The Sago Palm is really dangerous. In warmer climates (not here in NY, because, snow) these are found in backyards, but they are popular office and indoor plants too. Let these stay in your office and not in any location where there are pets. Cats take fancy to the fronds and dogs may like to chew on the woody root. Ingesting the Sago leads to hemorrhaging, liver damage, resulting in death. Name to look for: Cycas revoluta


Pic by Kaz Andrews

Generally speaking, lilies are not a great choice for furry friends. They are more toxic to cats than dogs, but either way should be avoided if you have one or the other. Peace lilies are toxic to both pets, Liliaceae lilies (the kind you get in bouquets and bundles from the florist) are primarily toxic to cats, and Calla lilies (the kind typically seen at funerals and in bouquets) are poisonous to both. Ingestion leads to difficulty swallowing, breathing and can be fatal unless medical attention is immediate. The most common ER visit related to toxic plants is ingestion of some kind of lily. For me, I’m not a fan of them anyway, but having a home of curious cats, I do not invite anything in the Liliaceae or Araceae family into my home.

Asparagus Fern

Asparagus Fern

I include the Aparagus Fern precisely because it is called a fern.  Most ferns are pet-friendly and lovely, but not this one. It’s label name, Asparagus densiflorus cv sprengeri, is also called Plumosa Fern or Lace Fern, so I urge you check out the label. These are really pretty and delicious looking to your curious cat. Little do they know it can lead to stomach upset and vomiting, which doesn’t make it worth keeping around for its looks.


Cyclamen come around the holidays and winter-time, at least in the Northeast. They make appearances as guest and party gifts for hosts. Unfortunately, they aren’t welcome in my house….I prefer wine anyway. If any part of these are consumed, symptoms are gastric upset and, if the roots are eaten, seizures and death. Nobody wants a sick pet for Christmas.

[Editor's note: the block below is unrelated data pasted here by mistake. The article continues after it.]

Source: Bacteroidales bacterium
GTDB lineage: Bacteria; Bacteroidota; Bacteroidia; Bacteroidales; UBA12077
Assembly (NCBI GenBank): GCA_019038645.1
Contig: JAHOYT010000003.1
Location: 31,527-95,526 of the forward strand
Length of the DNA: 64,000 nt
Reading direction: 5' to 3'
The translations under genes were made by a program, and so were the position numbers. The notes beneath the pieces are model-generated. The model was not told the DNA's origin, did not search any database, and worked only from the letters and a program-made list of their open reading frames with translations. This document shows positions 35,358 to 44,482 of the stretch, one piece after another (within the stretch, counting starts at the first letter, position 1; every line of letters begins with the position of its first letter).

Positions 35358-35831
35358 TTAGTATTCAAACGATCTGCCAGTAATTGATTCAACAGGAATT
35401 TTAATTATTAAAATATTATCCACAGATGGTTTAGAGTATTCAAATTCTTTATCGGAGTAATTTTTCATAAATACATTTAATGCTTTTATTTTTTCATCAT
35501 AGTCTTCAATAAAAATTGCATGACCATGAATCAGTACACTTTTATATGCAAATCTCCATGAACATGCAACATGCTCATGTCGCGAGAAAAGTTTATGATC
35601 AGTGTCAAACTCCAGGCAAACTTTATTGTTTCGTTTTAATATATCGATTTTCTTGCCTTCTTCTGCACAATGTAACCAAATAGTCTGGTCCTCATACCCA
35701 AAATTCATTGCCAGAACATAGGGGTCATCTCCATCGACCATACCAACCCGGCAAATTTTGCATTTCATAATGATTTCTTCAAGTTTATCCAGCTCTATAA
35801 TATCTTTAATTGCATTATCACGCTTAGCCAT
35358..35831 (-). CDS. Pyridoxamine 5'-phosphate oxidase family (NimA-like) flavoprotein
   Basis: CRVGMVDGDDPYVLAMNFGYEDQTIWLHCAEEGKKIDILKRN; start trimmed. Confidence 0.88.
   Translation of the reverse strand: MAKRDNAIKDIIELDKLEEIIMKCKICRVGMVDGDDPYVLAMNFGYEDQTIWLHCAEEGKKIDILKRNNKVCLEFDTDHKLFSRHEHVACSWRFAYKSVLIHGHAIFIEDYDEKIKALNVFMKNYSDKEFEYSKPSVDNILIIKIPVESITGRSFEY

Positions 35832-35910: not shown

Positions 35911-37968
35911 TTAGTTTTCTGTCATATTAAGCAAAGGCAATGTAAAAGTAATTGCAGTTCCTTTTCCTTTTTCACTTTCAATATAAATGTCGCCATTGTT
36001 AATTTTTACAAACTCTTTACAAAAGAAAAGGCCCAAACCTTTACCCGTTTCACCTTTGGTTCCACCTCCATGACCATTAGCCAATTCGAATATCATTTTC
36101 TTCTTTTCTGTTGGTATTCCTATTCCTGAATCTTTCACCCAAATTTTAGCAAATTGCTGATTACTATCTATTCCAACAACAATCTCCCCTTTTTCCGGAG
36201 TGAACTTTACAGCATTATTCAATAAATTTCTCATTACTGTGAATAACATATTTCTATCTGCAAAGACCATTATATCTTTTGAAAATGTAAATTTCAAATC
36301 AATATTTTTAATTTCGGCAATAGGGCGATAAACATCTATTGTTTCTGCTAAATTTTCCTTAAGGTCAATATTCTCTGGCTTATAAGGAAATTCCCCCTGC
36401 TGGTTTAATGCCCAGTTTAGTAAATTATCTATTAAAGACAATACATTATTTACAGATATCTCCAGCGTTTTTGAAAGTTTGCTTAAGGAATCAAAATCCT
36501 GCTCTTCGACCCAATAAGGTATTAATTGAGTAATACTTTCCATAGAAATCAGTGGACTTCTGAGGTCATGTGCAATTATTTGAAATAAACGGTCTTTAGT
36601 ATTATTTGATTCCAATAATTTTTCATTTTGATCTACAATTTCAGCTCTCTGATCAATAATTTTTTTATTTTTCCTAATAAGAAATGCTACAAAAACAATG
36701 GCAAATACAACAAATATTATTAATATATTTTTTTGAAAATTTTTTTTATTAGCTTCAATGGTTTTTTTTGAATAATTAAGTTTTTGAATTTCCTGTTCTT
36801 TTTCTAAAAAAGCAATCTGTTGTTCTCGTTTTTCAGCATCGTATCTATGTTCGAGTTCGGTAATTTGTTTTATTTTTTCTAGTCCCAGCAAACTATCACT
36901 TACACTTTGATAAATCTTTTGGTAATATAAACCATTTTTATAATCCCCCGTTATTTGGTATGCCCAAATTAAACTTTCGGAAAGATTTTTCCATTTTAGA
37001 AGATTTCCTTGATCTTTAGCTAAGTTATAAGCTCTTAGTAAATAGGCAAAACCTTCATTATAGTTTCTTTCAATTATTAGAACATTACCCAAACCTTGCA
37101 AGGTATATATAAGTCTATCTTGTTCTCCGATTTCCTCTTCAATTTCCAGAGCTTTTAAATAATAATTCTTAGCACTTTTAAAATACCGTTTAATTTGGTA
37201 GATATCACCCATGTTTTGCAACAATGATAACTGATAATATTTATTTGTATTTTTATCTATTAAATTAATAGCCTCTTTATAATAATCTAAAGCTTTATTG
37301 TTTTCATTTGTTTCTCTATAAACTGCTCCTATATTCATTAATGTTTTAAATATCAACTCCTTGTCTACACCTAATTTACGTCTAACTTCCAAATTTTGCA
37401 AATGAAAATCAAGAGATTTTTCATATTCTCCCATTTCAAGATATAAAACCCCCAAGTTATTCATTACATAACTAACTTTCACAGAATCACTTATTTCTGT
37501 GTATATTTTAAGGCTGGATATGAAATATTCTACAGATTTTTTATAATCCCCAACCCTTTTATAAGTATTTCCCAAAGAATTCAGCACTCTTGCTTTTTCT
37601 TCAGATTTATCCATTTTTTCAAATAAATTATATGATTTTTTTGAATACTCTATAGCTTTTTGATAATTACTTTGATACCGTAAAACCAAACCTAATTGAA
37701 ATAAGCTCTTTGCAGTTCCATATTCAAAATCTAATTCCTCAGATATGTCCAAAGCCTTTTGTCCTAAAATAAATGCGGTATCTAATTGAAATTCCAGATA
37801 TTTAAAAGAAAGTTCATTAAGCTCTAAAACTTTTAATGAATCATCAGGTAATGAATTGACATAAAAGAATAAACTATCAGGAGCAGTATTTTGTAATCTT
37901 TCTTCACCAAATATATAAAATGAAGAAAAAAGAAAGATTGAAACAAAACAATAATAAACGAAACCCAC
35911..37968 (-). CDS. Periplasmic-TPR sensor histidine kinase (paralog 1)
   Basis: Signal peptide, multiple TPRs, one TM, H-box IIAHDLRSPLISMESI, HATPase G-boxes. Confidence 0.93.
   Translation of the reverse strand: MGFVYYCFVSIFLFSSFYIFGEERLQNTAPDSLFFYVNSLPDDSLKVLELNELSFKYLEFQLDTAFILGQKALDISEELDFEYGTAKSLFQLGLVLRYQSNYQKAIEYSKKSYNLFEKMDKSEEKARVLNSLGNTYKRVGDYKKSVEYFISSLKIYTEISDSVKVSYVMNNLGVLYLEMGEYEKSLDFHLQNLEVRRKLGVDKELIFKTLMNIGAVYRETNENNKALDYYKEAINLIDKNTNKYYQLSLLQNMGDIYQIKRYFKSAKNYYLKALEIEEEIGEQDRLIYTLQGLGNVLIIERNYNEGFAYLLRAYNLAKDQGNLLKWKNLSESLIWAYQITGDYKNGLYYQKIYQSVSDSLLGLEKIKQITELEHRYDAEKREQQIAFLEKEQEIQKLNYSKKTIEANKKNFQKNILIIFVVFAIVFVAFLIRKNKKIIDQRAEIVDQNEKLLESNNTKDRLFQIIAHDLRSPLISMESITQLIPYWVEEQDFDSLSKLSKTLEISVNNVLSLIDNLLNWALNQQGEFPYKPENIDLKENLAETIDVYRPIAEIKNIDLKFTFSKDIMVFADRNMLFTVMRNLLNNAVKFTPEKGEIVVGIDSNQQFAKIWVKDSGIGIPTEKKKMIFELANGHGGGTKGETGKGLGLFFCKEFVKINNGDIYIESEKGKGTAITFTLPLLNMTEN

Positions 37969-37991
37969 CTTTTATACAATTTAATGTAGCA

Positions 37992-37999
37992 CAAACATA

Dieffenbachia Dieffenbachia

Popular in doctor’s office and malls, Dieffenbachia or giant dumb cane, unfortunately make the toxic list. They grow quickly and look gorgeously prehistoric, but they can be poisonous for paws. If nibbled, dogs and cats may develop irritation of the mouth, leading to difficulty swallowing and vomiting. I guess we should just keep these in Dr. Krentist’s office instead.



Most of the houseplants you can think of are Dracaena. This Von-Trap plant family includes indoor plant standbys: Janet Craig Dracaena, Lemon Lime, Corn Plant,  Marginata or Dragon Plant, Reflexa (which looks like a spider plant), and Lucky Bamboo are all siblings. It is in this family I encourage label reading – anything with Dracaena in the name, gently put back. They tend to be cat and dog magnets and if they are eaten can lead to a number of uncomfortable things such as vomiting, lethargy, and most likely a vet visit that could have been avoided.